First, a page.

Mary Keitany wins third straight NYC Marathon in rout; Molly Huddle makes podium

Getty Images
0 Comments

NEW YORK — Mary Keitany received two phrases of advice from her 3-year-old daughter before the New York City Marathon on Sunday.

Good luck, young Samantha said. Try not to fall down.

Keitany told her she would try her best.

Several hours later, Keitany brisked through Central Park for her third straight New York City Marathon title, with the largest winning margin since 1984.

Samantha and her son, 8-year-old Jared, were waiting.

“When I crossed the line, she [Samantha] was happy,” the 34-year-old Keitany said. “Ultimately, I was happy, too.”

The Kenyan Keitany became the first runner to win three straight New York City titles since Norwegian Grete Waitz won five of her record nine from 1981 through 1986.

Keitany finished in 2:24:26, which was 3 minutes, 34 seconds ahead of runner-up and countrywoman Sally Kipyego. The margin was another feat of dominance not seen since the great Waitz.

MORE: NYC Marathon Results

Keitany pulled away in the 15th mile and ran alone for the rest of the race, putting a stamp on a previously frustrating year.

As Samantha remembered, Keitany fell during the London Marathon on April 24 and finished ninth. It marked the first time she placed lower than fourth in 29 career half marathons and marathons.

Regardless, Keitany, the second-fastest female marathoner of all time, felt she had earned a place on the three-woman Kenyan Olympic marathon team for Rio based on her other recent results. Yet she was passed over in favor of three less-accomplished runners, one of whom placed 86th in Brazil and another not finishing at all.

“I was disappointed,” Keitany said of the Olympics last week. “So let me just focus on the marathon for New York and come to defend my title.”

Kipyego, a 2009 Texas Tech graduate, was reminded of her own disappointment upon arriving in New York. The 2012 Olympic 10,000m silver medalist made her marathon debut here last year but dropped out around the 23rd mile and reportedly told her coach, “Sign me up for the next one.”

“This was kind of a redemption year,” said Kipyego, who failed to make the Kenyan Olympic team for Rio.

American Molly Huddle had Kipyego in her sights in the final miles in Central Park on Sunday. The two-time U.S. Olympian on the track, in her marathon debut, was surprisingly spry at the end of the race.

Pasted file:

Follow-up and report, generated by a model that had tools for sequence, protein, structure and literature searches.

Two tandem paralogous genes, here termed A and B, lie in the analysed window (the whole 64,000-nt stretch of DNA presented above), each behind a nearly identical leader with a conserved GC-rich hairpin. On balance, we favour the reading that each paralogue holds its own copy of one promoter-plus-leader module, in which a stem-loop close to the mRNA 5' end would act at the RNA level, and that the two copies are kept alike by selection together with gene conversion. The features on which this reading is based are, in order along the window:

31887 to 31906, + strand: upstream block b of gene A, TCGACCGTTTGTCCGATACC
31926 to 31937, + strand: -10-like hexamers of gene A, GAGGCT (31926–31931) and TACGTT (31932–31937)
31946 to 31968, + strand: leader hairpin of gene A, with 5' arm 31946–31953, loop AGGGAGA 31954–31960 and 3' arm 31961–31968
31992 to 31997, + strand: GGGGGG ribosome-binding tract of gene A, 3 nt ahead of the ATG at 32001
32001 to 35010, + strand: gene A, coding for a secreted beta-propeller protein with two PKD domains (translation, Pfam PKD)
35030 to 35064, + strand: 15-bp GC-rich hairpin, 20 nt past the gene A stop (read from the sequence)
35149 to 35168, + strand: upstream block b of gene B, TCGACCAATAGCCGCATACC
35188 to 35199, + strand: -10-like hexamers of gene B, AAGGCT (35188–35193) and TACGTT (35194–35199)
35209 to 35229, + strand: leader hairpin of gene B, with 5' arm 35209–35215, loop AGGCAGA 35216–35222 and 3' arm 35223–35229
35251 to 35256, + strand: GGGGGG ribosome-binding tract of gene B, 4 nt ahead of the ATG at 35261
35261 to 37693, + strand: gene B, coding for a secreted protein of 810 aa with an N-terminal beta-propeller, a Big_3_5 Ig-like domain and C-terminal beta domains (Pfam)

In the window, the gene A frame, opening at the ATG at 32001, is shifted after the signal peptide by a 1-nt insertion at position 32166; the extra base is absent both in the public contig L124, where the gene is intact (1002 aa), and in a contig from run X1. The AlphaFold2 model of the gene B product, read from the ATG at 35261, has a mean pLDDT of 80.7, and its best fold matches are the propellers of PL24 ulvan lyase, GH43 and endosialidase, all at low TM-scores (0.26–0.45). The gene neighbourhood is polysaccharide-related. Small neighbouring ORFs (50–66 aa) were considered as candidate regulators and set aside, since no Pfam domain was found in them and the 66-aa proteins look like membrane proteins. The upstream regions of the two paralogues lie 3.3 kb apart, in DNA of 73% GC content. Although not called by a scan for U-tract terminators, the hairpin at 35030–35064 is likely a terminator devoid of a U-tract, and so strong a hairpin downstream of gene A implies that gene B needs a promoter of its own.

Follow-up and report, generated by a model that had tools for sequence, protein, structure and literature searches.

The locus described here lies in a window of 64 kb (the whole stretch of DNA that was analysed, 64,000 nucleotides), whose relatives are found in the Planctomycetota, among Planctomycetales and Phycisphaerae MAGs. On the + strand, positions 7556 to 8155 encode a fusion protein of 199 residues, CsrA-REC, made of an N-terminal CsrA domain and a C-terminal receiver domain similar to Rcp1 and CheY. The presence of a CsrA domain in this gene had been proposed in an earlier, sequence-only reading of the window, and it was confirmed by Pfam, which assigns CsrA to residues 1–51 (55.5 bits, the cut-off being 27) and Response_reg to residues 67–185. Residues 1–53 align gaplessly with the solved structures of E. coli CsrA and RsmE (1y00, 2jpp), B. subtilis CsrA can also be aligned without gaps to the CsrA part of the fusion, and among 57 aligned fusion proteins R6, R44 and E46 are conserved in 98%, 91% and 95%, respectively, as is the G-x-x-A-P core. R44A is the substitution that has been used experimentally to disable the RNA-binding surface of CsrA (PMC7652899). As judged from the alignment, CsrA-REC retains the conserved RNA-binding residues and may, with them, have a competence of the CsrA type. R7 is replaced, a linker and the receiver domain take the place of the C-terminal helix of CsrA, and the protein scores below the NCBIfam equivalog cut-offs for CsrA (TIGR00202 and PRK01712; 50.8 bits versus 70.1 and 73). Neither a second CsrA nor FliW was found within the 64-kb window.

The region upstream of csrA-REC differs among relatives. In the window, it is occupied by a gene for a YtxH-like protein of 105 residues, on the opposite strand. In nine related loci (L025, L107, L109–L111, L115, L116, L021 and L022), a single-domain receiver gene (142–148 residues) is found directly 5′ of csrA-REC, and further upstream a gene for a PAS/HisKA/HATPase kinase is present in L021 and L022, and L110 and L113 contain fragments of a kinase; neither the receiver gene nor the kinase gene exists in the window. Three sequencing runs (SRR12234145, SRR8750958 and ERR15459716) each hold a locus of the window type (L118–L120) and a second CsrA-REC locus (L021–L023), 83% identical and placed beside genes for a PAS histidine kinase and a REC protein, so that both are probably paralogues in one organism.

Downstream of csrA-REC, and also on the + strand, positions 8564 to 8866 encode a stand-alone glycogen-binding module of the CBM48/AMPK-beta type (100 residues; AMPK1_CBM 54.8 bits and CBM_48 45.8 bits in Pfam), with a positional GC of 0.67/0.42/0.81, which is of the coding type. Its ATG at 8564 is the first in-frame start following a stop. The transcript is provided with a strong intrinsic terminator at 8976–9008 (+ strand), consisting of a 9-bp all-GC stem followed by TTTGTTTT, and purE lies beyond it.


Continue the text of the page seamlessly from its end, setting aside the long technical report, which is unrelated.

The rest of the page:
Huddle was in fourth place, 29 seconds behind third-place Kipyego at the 21-mile mark. But second-place Joyce Chepkirui was fading. Kipyego eventually caught Chepkirui, and then Huddle did with about one mile left.

Huddle closed on Kipyego, too, but ran out of pavement, finishing 12 seconds behind the runner-up in 2:28:13.

Still, she became the first American runner to make the New York City podium since Shalane Flanagan in 2010 (Abdi Abdirahman made the men’s podium about a half-hour later).

Huddle said she was “flailing” the last 10 miles. Afterward, she repeated her plans to return to the track next year, but she may focus on road racing after that.

“It was a big step in learning how to race the marathon,” said the 32-year-old Huddle, who broke Flanagan’s American record in the 10,000m at the Rio Olympics, finishing sixth. “Really happy to be third.”

MORE: Runners take on NYC Marathon to help Holocaust survivors

Paris 2024 Olympic marathon route unveiled

Paris 2024 Olympic Marathon
Paris 2024
0 Comments

The 2024 Olympic marathon route will take runners from Paris to Versailles and back.

The route announcement was made on the 233rd anniversary of one of the early, significant events of the French Revolution: the Women’s March on Versailles — “to pay tribute to the thousands of women who started their march at city hall to Versailles to take up their grievances to the king and ask for bread,” Paris 2024 President Tony Estanguet said.